Large MSDB From Hidden sysxmitqueue Table

— by Lori Brown @SQLSupahStah

Recently, I was checking on some of the servers that I manage and found that one had an 8GB msdb database. While that is not too bad it is kind of large so I figured that there must be something that needed to be cleaned up. I ran the Disk Usage by Top Tables report expecting to see a table that was huge to leap out at me. However, this time there was nothing. As a matter of fact, it looked like the largest table only had about 187MB of data in it. So, what in the world was going on?

I did some looking around and found that there is a hidden and undocumented table named sysxmitqueue that can sometimes become huge if you have event notifications set up. If there are errors in how the notification is set up, there will be lots of error messages in the hidden table and the transmission_queue view.

Run this query to find out of you have msdb bloat from the sysxmitqueue table:

USE msdb

GO

— check for size of sysxmitqueue table

SELECT object_name(i.object_id) AS TableName,

i.[name] AS IndexName,

(sum(a.total_pages)*8)/1024 AS TotalSpaceMB,

(sum(a.used_pages)*8)/1024 AS UsedSpaceMB,

(sum(a.data_pages)*8)/1024 AS DataSpaceMB

FROM sys.indexes i

INNER JOIN sys.partitions p

ON i.object_id = p.object_id

AND i.index_id = p.index_id

INNER JOIN sys.allocation_units a

ON p.partition_id = a.container_id

WHERE object_name(i.object_id) = ‘sysxmitqueue’

GROUP BY i.object_id, i.[name]

GO

In my case, I found that this table had almost 8GB of data in it. Bingo!! Gotta clean it up now. Once again after doing some research, I found that lots of people have had problems with this table. Some say to set a new broker like so:

— DON’T USE THIS IN PRODUCTION!!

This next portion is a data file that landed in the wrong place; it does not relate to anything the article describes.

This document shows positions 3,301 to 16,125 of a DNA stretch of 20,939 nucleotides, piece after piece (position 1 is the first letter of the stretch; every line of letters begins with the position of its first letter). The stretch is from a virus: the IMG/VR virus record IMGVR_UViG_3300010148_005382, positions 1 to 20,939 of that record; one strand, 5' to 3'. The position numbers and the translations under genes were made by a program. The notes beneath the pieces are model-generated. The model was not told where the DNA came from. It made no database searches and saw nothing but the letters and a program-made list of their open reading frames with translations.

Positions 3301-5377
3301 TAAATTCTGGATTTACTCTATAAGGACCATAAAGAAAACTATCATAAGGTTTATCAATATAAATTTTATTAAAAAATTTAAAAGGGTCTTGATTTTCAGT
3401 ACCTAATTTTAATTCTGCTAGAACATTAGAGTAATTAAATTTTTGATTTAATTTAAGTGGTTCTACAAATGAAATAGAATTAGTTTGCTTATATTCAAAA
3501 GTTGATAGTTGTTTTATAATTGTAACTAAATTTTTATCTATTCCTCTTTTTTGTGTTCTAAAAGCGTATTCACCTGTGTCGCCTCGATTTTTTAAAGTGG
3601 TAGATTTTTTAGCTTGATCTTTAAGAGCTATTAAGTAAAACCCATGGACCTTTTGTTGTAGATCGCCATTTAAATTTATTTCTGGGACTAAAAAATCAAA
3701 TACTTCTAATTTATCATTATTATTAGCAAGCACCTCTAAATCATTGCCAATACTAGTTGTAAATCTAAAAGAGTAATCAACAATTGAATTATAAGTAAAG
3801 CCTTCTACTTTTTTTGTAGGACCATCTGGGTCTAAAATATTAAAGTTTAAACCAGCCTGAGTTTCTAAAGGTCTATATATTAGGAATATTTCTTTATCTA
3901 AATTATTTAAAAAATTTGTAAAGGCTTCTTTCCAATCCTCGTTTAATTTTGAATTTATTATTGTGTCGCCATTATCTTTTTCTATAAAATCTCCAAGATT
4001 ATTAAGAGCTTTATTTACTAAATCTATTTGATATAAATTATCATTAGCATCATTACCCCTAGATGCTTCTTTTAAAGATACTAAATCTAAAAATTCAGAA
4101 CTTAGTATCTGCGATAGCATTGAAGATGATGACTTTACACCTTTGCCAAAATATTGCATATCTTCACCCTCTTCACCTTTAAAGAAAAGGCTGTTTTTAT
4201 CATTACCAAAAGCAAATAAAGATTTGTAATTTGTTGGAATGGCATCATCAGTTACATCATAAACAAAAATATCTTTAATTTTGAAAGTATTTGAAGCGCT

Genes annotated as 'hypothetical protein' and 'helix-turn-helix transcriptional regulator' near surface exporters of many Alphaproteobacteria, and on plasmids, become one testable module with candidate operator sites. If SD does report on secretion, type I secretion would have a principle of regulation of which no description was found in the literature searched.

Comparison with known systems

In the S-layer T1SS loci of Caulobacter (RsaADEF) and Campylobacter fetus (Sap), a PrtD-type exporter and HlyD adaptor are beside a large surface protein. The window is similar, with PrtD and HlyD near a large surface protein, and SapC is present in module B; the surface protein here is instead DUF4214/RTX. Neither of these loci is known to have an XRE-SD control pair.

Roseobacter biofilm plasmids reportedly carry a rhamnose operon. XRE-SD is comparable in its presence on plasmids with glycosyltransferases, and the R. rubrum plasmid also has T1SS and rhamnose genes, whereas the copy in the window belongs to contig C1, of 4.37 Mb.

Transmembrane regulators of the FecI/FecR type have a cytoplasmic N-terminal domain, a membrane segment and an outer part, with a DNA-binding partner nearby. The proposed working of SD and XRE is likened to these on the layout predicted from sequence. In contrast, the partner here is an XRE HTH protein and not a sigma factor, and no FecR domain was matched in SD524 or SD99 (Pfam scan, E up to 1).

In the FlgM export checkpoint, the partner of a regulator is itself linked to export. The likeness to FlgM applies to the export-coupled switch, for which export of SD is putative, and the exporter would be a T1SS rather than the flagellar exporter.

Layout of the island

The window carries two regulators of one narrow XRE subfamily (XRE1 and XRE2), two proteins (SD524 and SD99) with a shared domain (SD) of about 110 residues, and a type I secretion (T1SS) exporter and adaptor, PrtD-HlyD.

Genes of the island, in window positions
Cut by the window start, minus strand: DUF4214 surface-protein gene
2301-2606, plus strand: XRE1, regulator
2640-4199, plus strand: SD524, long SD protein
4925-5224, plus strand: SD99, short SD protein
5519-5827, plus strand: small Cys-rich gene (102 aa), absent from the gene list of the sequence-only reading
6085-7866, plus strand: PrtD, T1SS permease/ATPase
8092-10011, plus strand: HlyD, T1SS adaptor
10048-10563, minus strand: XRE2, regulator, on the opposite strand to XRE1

ALTER DATABASE msdb SET NEW_BROKER WITH ROLLBACK IMMEDIATE

But that will cause problems if you do it in a production system because the service broker id will be different than is being used by anything else that has distributed conversations. If you do this, you could leave conversations stranded.

There is also a way to end conversations that takes a little time but will not cause issues if you are careful. I found that I could not query the sysxmitqueue at all but found that info from this table is also found in the sys.transmission_queue (https://msdn.microsoft.com/en-us/library/ms190336.aspx) view. You can query it easily.

— get list of conversations

SELECT DISTINCT conversation_handle, to_service_name

FROM sys.transmission_queue

I used the above query to get a list of the conversations that needed to be cleaned up. The to_service_name column is the service name you created while setting up event notifications. You can use values from the conversation_handle column to tell an “END CONVERSATION…” statement (https://msdn.microsoft.com/en-us/library/ms177521.aspx) which conversation exactly to end.

— end open conversations

END CONVERSATION ‘4E5EF6AE-90F8-E311-B9CF-842B2B514244’ WITH CLEANUP

If you have a lot of open conversations, running this manually can take a while but you won’t nuke anyone else’s conversations this way.

The last thing I need to do is figure out why my event notification is not ending conversations correctly. That will be another post later so….

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